A peasant girl (Giselle) dies of a broken heart after discovering her lover is betrothed to another. She is summoned from the grave by the Wilis spirits, who dance men to death. The spirits... See full summary »
Sexy girl seduces all the members of her family. She indirectly causes the failure of his father's marriage, for her stepmother falls in love with her. Then, she has affairs with her ... See full summary »
Victor di Mello
Maria Lúcia Dahl
If I were to give the award to the best ballet that was non-Tchaikovsky, I would give it to Giselle. The story moves me every time and the music is just stunning throughout. There are some wonderful productions of Giselle available on DVD, and while this one is not the best or one of my favourites it is still well worth seeing. The only real major debit is the camera work, which was very poor and eventually headache-inducing. I'd actually go as far to say that it is among the worst camera work I've seen for any ballet production. With all the shots moving and jumping around so quickly, the constant cutting-away, shots of items with no relation whatsoever to what was going on on-stage, shots focusing on the wrong person/people entirely and a complete lack of intimacy, it came across as too self-indulgent and played too much like a music video. An approach that really detracts from the atmosphere of the second act.
Everything else is very good to excellent though. The costumes and sets are traditional and fitting with the mood of each scene and act, and are also quite attractive. The power and pathos of the score is reflected beautifully in the orchestral playing, and the conducting is suitably alert and sympathetic. The choreography is awe-inspiring, and the dancing of it likewise, the moves are very difficult but it doesn't look that way when you watch the dancers. The Willis are very well together in how they dance and interact and how they perform has a very hauntingly eerie quality. Toni Lander's Myrthe is marvellous in every sense, embodying mystery and coldness, as well as dancing with effortless elegance. Erik Bruhn does come across as too much of a stiff noble dramatically, but his dancing, jumps and technique is so good you are still captivated. He is dashing too. Carla Fracchi is entirely captivating as Giselle, every character quality is nailed, her arms and legs are perfectly balanced and she looks ever so graceful. Maybe she does look a tad stern and remote, I thought that it was a very interesting idea that actually worked very well, though some may find too much Odette in Fracchi's interpretation.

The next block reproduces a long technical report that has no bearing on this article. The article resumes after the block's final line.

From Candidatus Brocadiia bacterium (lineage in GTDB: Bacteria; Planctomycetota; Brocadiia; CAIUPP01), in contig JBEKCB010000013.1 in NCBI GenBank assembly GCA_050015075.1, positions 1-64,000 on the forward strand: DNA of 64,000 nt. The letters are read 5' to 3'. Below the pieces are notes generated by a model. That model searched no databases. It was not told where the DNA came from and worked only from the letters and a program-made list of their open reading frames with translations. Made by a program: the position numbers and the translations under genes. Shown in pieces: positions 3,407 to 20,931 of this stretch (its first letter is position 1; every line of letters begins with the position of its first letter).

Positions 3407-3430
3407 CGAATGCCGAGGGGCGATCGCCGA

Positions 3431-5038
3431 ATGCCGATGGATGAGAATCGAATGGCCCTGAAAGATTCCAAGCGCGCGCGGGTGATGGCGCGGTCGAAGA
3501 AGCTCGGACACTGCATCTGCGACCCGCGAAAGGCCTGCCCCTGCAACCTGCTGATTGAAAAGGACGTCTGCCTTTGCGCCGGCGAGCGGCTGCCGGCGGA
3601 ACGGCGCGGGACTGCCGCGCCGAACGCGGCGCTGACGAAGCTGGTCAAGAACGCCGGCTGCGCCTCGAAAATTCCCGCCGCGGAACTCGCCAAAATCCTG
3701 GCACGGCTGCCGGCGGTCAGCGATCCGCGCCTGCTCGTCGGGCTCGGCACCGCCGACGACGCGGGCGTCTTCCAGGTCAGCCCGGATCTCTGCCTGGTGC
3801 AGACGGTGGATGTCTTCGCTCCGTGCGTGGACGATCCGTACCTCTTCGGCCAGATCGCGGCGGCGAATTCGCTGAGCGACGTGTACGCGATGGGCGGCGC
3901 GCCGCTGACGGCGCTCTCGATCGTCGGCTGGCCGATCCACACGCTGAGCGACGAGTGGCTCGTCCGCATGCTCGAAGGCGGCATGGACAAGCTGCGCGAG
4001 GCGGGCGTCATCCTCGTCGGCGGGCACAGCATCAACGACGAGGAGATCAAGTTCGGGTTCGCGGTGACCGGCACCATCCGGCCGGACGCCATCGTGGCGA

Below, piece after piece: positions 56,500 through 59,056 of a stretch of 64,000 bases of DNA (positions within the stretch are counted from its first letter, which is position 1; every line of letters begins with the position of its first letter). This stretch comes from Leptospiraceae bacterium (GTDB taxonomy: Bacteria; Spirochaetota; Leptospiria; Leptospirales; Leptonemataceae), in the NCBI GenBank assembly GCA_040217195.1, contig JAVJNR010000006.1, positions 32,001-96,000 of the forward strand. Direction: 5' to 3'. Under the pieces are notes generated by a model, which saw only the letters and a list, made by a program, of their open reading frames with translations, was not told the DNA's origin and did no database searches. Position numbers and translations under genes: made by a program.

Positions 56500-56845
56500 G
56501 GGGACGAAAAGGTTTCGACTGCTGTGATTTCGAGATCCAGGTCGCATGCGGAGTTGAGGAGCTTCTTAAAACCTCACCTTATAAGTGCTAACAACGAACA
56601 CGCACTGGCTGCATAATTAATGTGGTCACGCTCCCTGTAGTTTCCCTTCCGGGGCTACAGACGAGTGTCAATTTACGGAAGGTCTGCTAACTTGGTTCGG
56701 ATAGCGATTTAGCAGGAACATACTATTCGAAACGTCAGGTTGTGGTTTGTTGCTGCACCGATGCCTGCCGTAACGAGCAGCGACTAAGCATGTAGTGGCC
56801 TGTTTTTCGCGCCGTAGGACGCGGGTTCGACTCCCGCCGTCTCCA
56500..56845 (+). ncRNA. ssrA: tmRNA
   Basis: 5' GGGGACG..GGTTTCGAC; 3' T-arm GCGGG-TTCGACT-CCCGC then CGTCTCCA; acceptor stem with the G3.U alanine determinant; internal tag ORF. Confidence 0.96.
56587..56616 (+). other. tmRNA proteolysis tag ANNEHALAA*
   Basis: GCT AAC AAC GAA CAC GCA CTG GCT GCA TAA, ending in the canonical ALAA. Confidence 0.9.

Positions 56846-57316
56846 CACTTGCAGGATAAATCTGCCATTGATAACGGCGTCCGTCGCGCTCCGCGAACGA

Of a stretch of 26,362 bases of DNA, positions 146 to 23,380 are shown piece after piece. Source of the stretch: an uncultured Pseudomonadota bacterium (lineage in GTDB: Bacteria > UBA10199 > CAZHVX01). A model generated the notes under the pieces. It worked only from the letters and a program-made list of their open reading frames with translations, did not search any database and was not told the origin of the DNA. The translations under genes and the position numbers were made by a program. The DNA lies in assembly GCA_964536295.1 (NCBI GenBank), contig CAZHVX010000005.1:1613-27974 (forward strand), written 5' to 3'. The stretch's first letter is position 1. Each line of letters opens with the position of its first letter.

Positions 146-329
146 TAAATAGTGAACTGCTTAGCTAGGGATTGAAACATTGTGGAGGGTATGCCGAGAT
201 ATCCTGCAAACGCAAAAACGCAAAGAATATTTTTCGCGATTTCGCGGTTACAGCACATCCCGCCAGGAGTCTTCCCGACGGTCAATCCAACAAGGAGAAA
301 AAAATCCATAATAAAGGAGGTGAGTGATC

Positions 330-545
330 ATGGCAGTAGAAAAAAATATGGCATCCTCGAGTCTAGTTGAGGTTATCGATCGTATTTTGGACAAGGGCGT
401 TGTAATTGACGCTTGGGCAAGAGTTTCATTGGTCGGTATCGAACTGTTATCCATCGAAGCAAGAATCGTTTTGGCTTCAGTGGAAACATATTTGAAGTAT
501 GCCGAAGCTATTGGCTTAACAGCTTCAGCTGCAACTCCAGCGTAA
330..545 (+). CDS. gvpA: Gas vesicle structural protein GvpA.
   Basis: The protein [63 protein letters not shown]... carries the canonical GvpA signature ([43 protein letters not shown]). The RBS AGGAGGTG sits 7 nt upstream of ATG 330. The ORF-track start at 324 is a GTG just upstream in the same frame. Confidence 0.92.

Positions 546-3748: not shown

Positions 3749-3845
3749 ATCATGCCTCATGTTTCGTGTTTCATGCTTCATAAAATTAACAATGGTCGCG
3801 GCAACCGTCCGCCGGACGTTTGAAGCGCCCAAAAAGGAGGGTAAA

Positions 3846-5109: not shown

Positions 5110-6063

To conclude, the performance is excellent, but the camera work really lets it down. 8/10 Bethany Cox
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